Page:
About two weeks ago I was suddenly unable to ssh into my AWS machines, they just time out. Really, the best information I can get from an ssh -vvv <ip> is ssh: connect to host <ip> port 22: Connection refused. if the ip address has changed no one told me about it.

Since I still have the information about the machines from when I set them up, I'm wondering if there's a way to resurrect an AWS cluster using command line tools.

Here is all of the information I have about the machines in the cluster:

- instance IDs
- region
- groupName
- VpcId
- SubnetId
- SubnetId
- public IP addresses

Using the AWS CLI, is there a way to resurrect these instances?

EDIT I'm pretty sure the instances are stopped, judging by this: When I do aws describe-instances --region <region> --instance-ids <id> I see "State" { "Code": 80, "Name": "stopped"}.

  • Is it possible that your IP address changed and you had a security group enabling ssh access only to your old IP address? – Ben Force Apr 5 '17 at 17:37
  • When Ben said is my best guess too, it's your security group or NACL. Open up SSH on temporarily and see if you can ssh in. If you can then work out your IP and narrow the range down to a /32. – Tim Apr 5 '17 at 18:58
  • I am not sure about that BenForce and @Tim. I am really new at this, how do I "Open up SSH on"? – guimption Apr 5 '17 at 20:03
  • docs.aws.amazon.com/AWSEC2/latest/UserGuide/… you need to learn how to use AWS or hire someone, this is a real basic – Tim Apr 5 '17 at 20:14
  • Your question is self-contradictory. Connection refused is not a timeout. And that does make a difference to what are the possible explanations. – kasperd Apr 6 '17 at 6:21

You'd want to use reboot-instances. (Assuming you imply, by the use of "resurrect", that they're in a down state and need a reboot. If you mean to imply something other than that, be more specific.)

  • I'm pretty sure the instances are stopped, judging by this: When I do aws describe-instances --region <region> --instance-ids <id> I see "State" { "Code": 80, "Name": "stopped"}. I think that means they are still able to be resurrected right? – guimption Apr 5 '17 at 19:48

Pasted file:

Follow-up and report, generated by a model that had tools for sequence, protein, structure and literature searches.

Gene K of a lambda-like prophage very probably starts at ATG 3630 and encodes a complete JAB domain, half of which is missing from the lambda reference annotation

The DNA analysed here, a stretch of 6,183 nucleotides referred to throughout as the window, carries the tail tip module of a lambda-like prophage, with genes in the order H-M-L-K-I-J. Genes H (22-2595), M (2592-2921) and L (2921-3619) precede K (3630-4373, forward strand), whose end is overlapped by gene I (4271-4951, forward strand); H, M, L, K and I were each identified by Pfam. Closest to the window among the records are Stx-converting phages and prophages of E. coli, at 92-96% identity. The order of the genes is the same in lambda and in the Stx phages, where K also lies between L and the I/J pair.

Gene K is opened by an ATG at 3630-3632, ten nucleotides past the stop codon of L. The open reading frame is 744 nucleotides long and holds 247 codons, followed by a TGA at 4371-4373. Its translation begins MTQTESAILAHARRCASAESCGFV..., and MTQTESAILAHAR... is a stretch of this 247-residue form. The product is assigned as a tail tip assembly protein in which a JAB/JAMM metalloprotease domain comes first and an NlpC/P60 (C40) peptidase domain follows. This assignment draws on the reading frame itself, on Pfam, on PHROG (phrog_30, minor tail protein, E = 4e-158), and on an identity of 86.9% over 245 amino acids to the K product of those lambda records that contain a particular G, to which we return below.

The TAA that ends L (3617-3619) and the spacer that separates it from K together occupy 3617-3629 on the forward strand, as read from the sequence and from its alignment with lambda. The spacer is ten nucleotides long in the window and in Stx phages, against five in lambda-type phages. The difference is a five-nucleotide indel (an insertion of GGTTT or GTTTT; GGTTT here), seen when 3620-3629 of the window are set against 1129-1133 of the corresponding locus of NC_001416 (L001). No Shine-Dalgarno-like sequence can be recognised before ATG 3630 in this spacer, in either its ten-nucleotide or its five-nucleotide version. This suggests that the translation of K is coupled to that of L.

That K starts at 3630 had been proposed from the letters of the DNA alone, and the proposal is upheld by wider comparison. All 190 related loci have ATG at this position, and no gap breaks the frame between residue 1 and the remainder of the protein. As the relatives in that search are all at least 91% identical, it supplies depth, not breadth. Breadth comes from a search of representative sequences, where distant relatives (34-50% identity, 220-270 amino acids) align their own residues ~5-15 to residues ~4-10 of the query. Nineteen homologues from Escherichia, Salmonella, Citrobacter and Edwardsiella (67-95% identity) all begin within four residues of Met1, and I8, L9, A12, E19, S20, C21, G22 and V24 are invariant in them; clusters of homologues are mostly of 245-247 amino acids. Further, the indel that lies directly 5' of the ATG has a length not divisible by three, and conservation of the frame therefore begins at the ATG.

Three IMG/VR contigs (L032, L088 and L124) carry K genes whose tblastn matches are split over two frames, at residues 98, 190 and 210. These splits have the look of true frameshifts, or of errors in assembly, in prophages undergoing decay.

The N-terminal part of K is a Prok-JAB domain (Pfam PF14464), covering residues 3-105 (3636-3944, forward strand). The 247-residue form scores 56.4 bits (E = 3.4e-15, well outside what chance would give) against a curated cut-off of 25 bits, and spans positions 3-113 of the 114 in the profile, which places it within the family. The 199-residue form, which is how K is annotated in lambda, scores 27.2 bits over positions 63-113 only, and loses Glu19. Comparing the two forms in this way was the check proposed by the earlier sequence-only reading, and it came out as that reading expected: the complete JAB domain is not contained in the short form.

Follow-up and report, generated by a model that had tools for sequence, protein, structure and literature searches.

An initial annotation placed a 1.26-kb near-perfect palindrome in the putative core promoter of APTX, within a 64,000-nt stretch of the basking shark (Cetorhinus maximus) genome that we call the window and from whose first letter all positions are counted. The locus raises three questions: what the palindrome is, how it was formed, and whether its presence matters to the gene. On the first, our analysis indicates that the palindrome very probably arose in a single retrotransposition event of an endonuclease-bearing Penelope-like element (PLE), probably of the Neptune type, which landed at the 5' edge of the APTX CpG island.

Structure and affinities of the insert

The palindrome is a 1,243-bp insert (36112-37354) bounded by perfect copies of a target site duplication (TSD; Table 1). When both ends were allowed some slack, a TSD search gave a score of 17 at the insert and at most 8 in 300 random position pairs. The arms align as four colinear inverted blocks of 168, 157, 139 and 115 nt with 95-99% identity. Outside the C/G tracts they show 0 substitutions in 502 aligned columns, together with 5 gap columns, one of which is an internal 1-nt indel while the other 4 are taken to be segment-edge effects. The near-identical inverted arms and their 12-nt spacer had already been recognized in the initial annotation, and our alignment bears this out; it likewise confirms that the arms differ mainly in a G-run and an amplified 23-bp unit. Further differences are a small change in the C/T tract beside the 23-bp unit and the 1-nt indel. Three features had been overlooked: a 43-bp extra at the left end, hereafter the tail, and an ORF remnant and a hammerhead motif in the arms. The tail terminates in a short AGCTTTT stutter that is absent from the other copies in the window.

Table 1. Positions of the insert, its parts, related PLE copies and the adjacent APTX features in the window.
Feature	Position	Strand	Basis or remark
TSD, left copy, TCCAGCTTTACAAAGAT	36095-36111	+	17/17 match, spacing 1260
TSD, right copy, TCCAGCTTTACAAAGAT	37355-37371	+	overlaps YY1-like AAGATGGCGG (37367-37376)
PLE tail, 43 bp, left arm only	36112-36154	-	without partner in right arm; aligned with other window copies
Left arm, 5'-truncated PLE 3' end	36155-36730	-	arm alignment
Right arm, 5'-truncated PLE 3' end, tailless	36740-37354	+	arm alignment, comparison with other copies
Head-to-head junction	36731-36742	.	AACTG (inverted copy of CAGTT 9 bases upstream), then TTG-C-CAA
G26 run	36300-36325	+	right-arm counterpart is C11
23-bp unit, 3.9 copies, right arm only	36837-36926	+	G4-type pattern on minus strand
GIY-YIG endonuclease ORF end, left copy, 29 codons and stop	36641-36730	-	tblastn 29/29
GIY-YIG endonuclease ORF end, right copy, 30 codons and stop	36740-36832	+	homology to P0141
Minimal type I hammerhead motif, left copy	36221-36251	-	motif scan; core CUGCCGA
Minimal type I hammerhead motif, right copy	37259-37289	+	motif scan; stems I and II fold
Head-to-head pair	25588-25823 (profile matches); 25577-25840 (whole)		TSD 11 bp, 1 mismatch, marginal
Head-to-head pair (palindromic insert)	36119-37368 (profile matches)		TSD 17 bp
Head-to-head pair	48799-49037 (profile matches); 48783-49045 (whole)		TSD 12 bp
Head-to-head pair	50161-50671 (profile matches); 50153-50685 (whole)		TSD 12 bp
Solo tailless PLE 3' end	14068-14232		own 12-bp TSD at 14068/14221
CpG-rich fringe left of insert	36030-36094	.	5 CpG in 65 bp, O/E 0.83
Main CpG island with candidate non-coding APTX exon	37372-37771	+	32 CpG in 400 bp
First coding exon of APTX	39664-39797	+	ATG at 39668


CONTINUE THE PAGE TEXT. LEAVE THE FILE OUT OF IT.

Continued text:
The command should be: aws ec2 reboot-instances --region $REGION --instance-ids $INSTANCE_ID And replace $REGION and $INSTANCE_ID with the correct information. You will need to have valid session keys for this command to work.

If your instances were in the "Stopped" state (or shut down), they'll lose their public IP addresses (unless they had an Elastic IP attached), so you'll have to run: aws ec2 describe-instances --region $REGION to get a status on all the instances you have permissions to view, and find out their new public IP addresses.

Reference from the AWS CLI Documentation: http://docs.aws.amazon.com/cli/latest/reference/ec2/reboot-instances.html

  • I can't vote yet. +1 though – guimption Apr 5 '17 at 19:43
  • I have the correct boto creds, so I should be fine there. I'll try rebooting the instances to see if they can be recovered. HOWEVER, are you sure that the instance id won't change when they get rebooted??? – guimption Apr 5 '17 at 19:52
  • Instance-id will not change on reboot. They will persist until the instance is terminated (which is AWS's term for deleted). Also, the private IP will persist as well, you only really have to worry about the public IP changing, and even that will persist if you issue the reboot command on a running instance. However, if the instance is "Stopped" (AWS's term for "shut down"), the public IP is released and you can't get it back, you'll just get another random public IP when you start it up again. – Christopher Morrow Apr 6 '17 at 2:11

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